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Coroner raises communication concerns between GP surgery and private counselling service after death of young occupational therapist

PUBLISHED: 14:35 27 September 2017

Norfolk Coroner's Court in Norwich. Picture: Denise Bradley

Norfolk Coroner's Court in Norwich. Picture: Denise Bradley

Archant 2012

Concerns will be raised over the lack of communication between a GP surgery and counselling service after a woman with mental and physical health problems died.

Occupational therapist Danielle Booth, 23, was found dead in the bedroom of her flat on Wellington Road, Norwich, just after 4pm on January 20 by boyfriend, Daniel Gottschalk.

An inquest at Norfolk Coroner’s Court on Wednesday, September 27 heard the former University of East Anglia student suffered with depression, anxiety, bulimia and irritable bowel syndrome.

The 23-year-old - described as “witty and charming” by her parents - was diagnosed with depression in 2016 by her GP.

She had seen numerous medical professionals at the surgery for her mental and physical health issues 12 months before her death, the inquest heard.

During that time Miss Booth, who lost her job at Hellesdon Hospital in January 2016, had taken anti-depressants and private psychological therapy at the Priory Wellbeing Centre in Norwich, according to Dr Clare Shephard.

Senior coroner Jacqueline Lake did not criticise the clinical practices at Miss Booth’s surgery.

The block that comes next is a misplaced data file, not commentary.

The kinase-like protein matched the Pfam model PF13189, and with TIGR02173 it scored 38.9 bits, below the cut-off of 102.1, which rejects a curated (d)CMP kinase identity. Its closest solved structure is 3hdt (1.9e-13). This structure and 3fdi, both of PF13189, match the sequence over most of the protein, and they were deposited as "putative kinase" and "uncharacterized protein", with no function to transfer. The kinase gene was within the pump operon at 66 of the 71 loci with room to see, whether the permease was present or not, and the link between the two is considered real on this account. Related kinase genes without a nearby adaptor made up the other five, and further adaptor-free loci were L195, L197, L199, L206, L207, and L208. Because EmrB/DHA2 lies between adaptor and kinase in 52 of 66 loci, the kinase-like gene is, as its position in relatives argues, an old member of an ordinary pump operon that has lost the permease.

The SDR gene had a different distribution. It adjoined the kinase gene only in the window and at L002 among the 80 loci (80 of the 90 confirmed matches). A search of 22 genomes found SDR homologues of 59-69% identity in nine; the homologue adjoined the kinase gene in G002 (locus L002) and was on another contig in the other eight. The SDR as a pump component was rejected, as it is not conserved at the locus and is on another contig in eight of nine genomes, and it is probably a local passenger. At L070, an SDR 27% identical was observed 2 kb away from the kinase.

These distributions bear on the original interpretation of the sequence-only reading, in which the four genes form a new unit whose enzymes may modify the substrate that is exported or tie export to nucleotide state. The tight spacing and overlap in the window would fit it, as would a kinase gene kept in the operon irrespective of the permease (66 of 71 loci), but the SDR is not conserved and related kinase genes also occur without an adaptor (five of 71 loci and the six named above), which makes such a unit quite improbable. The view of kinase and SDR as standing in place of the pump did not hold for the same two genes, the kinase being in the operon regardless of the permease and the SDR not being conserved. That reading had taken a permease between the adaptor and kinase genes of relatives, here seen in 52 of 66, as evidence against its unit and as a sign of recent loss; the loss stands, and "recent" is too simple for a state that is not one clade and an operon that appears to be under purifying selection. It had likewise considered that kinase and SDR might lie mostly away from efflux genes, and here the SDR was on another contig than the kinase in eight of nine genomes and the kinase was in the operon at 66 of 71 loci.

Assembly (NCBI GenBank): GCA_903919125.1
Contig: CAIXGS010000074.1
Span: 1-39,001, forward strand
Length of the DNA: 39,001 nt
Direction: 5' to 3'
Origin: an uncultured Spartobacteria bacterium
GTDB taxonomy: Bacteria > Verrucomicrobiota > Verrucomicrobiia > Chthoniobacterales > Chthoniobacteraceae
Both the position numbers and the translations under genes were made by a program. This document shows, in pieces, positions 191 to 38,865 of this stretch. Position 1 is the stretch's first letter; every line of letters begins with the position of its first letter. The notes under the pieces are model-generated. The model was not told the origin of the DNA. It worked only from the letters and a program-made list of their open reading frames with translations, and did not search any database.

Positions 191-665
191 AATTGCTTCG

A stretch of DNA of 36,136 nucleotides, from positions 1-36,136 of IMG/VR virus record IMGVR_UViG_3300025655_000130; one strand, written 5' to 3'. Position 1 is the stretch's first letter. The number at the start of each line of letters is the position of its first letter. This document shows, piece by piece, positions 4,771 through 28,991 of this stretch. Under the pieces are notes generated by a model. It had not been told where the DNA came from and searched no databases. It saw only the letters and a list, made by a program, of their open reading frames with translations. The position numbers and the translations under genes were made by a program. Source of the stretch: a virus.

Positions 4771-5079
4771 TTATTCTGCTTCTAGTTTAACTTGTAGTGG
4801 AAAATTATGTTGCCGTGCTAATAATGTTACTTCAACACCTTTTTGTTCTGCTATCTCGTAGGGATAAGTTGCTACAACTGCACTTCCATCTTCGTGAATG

But during a narrative verdict, she said: “I’m concerned at the lack of communication between the private counselling service and Danielle’s GP.

“The last mention of a private counselling session was in August 2016. There doesn’t seem to be any communication between the GP and the counselling service.

“I propose writing to the GP and the counselling service asking why there wasn’t any communication?”

Mrs Lake added: “She [Danielle] had a happy childhood...She obviously had mental health and physical problems.”

She had been upset the night before her death and was concerned her long-term boyfriend was going to leave her, which was not the case, according to written evidence from Mr Gottschalk.

He added: “I’m totally distraught at what has happened.”

The inquest heard the loss of Miss Booth’s job was a “crushing blow to her self-esteem”, but her GP deemed her mental health had not deteriorated and was stable, during her last medical appointment on January 10.

Mrs Lake said there were no suspicious circumstances and the cause of death was asphyxiation.

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